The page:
Last, but certainly not least, make sure your holiday eats are as sustainable as possible. We on the west coast are lucky and have access to farmers markets year round, but everyone can enjoy seasonal produce. This chart is a great resource for finding vegetables in season. Eating locally and seasonally is one of the best ways to cut down on emissions and be eco-friendly during the holidays. When it comes to storing your leftovers from the big feasts, use reusable storage containers like these or these; they’re great for freezing and are dishwasher safe! You can always have your guests bring their own reusable containers to take home any leftovers, too.
I hope you make this your greenest season yet. Happy Holidays and Happy New Year!
Do you have any other holiday-greening ideas?

Mother Nature is Happy With Your Green Thanksgiving

Each year American families gather around a large table with family and give thanks. Many of the common items that we give thanks for are family, friends, health and life that we have. But, what is mother nature thankful for this year? I am sure that she is not very thankful for the food and decorations that we burn through to have a beautiful celebration. So what are some ways that we can appease her this Thanksgiving.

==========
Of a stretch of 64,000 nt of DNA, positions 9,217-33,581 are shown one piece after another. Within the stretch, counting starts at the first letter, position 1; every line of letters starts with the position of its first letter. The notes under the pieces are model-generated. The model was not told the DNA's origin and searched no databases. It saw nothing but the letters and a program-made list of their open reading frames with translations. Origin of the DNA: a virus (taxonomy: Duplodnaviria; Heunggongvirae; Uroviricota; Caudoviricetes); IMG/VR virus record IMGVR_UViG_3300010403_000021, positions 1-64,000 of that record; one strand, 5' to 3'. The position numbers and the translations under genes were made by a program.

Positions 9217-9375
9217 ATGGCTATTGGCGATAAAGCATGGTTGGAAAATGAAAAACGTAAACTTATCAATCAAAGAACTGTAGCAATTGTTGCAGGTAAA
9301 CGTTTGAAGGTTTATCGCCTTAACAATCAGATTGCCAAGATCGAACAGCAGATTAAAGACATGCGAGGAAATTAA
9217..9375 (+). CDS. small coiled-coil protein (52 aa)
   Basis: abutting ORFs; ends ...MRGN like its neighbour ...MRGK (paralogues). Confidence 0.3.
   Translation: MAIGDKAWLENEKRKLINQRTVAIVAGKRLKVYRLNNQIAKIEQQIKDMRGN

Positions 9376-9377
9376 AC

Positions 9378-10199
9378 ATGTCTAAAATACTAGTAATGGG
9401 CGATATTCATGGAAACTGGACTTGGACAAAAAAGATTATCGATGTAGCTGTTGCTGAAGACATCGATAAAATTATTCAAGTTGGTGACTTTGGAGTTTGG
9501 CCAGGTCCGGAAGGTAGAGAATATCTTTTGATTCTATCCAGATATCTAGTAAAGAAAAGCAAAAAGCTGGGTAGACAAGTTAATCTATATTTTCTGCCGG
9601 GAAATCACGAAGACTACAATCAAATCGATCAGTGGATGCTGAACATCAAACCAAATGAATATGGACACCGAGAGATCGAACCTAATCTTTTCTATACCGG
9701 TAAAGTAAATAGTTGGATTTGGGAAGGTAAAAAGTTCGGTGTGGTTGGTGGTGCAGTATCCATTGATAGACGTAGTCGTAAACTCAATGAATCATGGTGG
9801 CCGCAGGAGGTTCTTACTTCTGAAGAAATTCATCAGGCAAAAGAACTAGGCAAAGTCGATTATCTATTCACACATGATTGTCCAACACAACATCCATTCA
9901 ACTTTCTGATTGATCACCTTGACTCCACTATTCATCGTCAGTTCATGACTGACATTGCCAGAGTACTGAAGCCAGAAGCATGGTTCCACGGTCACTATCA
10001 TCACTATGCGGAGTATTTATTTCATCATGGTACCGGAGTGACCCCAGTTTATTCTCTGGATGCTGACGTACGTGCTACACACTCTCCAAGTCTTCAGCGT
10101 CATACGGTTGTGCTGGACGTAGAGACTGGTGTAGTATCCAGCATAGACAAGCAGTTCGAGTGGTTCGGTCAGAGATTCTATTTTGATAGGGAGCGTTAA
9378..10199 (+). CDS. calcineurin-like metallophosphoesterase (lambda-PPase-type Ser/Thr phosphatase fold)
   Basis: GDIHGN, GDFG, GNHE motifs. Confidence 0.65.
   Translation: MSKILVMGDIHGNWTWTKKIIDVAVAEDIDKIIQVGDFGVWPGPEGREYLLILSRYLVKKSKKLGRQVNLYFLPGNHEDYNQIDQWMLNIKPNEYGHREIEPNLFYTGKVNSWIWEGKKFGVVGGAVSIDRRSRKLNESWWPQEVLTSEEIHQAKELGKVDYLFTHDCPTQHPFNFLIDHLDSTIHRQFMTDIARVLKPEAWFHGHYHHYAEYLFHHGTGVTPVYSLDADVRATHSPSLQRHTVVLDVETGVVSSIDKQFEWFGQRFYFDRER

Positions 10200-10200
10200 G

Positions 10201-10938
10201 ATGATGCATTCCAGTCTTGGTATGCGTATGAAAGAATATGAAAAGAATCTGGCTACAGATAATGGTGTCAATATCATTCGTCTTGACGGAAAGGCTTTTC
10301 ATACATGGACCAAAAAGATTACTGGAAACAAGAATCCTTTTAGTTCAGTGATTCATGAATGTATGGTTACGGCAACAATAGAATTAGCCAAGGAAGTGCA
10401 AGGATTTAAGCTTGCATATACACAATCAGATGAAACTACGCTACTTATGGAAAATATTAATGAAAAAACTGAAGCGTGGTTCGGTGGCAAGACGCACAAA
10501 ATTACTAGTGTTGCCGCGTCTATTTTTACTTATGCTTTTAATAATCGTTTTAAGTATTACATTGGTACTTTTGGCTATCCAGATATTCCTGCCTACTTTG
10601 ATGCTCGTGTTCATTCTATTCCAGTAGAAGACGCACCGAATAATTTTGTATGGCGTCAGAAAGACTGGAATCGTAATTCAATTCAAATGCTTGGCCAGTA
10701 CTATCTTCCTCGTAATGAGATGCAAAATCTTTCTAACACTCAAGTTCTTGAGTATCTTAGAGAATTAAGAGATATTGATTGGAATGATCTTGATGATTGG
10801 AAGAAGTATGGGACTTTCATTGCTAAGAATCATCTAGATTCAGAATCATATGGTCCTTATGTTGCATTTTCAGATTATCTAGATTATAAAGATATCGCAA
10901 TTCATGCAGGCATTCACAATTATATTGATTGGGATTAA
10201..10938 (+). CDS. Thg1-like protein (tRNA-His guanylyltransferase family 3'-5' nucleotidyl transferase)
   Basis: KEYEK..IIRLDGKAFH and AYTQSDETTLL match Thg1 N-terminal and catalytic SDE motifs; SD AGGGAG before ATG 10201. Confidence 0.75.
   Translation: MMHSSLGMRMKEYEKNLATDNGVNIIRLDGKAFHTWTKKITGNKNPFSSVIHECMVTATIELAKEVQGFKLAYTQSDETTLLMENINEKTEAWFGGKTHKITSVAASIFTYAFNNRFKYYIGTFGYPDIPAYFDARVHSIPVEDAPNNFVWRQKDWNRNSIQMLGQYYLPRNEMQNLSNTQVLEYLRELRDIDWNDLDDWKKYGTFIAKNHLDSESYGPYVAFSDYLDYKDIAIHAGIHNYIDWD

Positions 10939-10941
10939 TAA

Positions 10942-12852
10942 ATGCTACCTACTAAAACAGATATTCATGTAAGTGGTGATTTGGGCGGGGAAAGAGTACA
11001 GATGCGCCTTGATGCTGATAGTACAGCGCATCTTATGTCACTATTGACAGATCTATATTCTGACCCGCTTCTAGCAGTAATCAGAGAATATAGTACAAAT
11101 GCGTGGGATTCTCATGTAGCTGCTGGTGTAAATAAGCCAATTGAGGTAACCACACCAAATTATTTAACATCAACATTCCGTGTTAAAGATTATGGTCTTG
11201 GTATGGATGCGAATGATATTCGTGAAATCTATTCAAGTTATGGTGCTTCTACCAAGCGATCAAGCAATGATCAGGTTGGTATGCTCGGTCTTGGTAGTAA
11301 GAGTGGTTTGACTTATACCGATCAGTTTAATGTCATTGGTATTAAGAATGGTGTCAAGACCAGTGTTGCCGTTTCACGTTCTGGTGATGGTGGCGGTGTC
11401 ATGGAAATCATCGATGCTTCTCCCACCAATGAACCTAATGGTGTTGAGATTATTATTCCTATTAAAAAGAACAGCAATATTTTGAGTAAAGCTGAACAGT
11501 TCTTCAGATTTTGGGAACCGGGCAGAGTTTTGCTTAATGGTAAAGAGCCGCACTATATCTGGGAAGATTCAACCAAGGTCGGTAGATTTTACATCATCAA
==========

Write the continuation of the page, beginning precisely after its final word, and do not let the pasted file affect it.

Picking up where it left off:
First we will start with the decorations and items needed for the traditional Thanksgiving feast. When you go to the grocery store be mindful of bringing a reusable shopping bag with you. Try getting away from using what the store provides you (paper or plastic) when you get to the checkout. Also when you are confronted with the easier option of prepackaged foods in the vegetable aisle try to steer clear. Take the extra few minutes or even seconds to bag your own vegetables from the section. And always be mindful of how much you are buying. You are only feeding your family not a whole army. Now moving onto when you get home and start setting up the table or buffet line try to be conscious of what you are using. Use cloth napkins and plates, but if you happen to run out of plates and have time to order try to find bamboo plates and cutlery